The number of “tripled” dorm rooms at Stony Brook University has hit a record level this year, according to the Division of Campus Residences.
A triple occurs when a dorm room that typically holds two people instead houses three. Tripling happens when the number of residents exceeds the number of available rooms, thus forcing the doubled rooms to house an extra student each. Triples are mostly assigned to the freshmen class, but any resident can choose to live in a triple as well.
There are approximately 585 tripled rooms this fall, representing 7.1 percent of the total undergraduate bed spaces on campus, according to Alan DeVries, the associate director of residential programs and administrative services and the director of conference housing.
Last fall, there were only about 450 triples, constituting 5.5 percent of the total bed spaces, he said in an email.
DeVries explained that such a spike in numbers partly stems from the fact that fewer accepted students are commuters this year.
“The increase to a great extent is the result of higher renewal rates of returning students as well as the growth of students coming from outside the metropolitan area who are more likely to require on campus housing than students who enroll from local communities,” he said. “The application rate of new Freshmen and Transfers is actually unchanged from prior years.”
Regardless of the reason, many students are unhappy being tripled. Sam Rodriguez and Salvatore Delprince, two freshmen living in triples in Greeley College, said that they would rather be living in doubles.
“I don’t feel comfortable being in my room,” Rodriguez said, “and I only found out four days before moving in that I would have two roommates.”
Delprince was lucky in that his room has three desks, while many triples are only furnished with two. When asked about compensation, he said “we got a portable phone charger, but I don’t even use it.”
In addition, each student placed in a triple is given a 15 percent discount on his or her room for the semester, according to the tripling FAQ page on the Campus Residences website. The credit is posted to the resident’s student account after he or she is offered the opportunity to detriple.
Krystal Cunningham and Marissa Joy, two juniors who live in Dreiser College in Tabler Quad, said they were just as unhappy when they were tripled in the same room as freshmen.
“There wasn’t room for three people,” Cunningham said. “I had to store some of my belongings in the common room because it couldn’t fit in my room.”
However, they were only tripled for about a week before they were given the chance to detriple.
“Each room is assigned a lottery number at the beginning of the fall semester, and spaces are detripled in that order, as vacancies in the quad are identified,” the tripling FAQ page states. “While some rooms will be detripled relatively quickly, it is possible that your room may not be detripled this academic year.”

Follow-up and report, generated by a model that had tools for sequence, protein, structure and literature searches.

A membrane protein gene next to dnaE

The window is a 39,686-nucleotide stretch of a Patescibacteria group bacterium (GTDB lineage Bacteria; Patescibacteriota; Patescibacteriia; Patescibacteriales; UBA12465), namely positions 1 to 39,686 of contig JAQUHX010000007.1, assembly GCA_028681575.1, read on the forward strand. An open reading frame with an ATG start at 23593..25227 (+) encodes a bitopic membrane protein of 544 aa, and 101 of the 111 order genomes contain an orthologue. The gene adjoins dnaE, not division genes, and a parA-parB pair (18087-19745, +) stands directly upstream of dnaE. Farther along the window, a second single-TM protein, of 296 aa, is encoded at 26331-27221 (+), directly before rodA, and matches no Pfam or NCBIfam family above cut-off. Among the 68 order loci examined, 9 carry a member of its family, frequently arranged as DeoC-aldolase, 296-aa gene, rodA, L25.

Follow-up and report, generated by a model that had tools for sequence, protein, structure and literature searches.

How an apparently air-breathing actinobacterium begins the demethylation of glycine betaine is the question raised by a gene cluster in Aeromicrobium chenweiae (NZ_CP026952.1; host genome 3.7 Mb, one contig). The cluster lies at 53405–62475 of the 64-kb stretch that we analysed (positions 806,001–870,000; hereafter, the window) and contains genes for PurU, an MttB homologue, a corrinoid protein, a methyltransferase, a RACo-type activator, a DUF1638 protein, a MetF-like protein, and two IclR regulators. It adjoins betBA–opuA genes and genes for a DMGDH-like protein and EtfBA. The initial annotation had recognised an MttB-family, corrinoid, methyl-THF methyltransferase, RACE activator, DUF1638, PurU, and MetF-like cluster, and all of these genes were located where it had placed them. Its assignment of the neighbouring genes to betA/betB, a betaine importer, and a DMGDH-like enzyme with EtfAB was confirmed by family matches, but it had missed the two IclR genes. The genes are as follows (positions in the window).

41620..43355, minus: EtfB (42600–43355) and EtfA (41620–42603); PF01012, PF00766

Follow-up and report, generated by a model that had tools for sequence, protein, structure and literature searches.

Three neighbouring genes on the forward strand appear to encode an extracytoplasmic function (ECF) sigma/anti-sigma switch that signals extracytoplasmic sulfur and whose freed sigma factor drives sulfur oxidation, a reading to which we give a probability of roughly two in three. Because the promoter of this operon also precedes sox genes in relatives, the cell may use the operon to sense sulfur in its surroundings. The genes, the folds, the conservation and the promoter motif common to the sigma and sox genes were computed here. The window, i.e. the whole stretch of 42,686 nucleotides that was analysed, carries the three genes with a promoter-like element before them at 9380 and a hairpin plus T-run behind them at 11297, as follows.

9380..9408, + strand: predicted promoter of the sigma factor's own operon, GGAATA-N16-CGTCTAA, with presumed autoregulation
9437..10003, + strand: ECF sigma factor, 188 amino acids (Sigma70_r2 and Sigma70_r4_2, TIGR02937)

The detripling lottery list can be viewed on the tripling page on the Campus Residences website.
Although tripling does not happen at the Brookhaven Residential Village, or BRV, dorms on Dowling College’s Shirley campus, some of its residents are left feeling unsatisfied as well.
BRV houses approximately 200 Stony Brook students on the second and third floors, while Dowling College students live mostly on the first floor of the building, according to Hannah Sahawneh, a senior-year resident assistant at BRV.
She said that Stony Brook transfer students randomly get placed there because there is no more room on campus. However, some students have requested to return to BRV this academic year.
In terms of dissatisfaction among residents, Sahawneh said that although there is more space in their dorms, including kitchen areas and two bathrooms per suite, residents tell her that they wish they were on campus due to the distance. It takes BRV students approximately 35 minutes to get to school via bus.
To fix this problem, she said that the RAs try very hard to create that on-campus feeling by hosting frequent events with the assistance of their student life specialist, Michael Austin.
Students have the option to move to a different quad on campus the following academic year.
“New students who accept this housing assignment are guaranteed on-campus housing on the Stony Brook campus in the Fall 2016 semester, contingent upon completion of all registration and housing renewal processes by the appropriate deadlines,” Stony Brook’s BRV website states.
Due to the abundance of resident students, the university is building a new dorm building located on Stony Brook’s Toll Drive that is expected to open for Fall 2016. It will consist of 759 more beds, bringing the total campus housing inventory to over 10,300 beds, according to the Campus Residences website.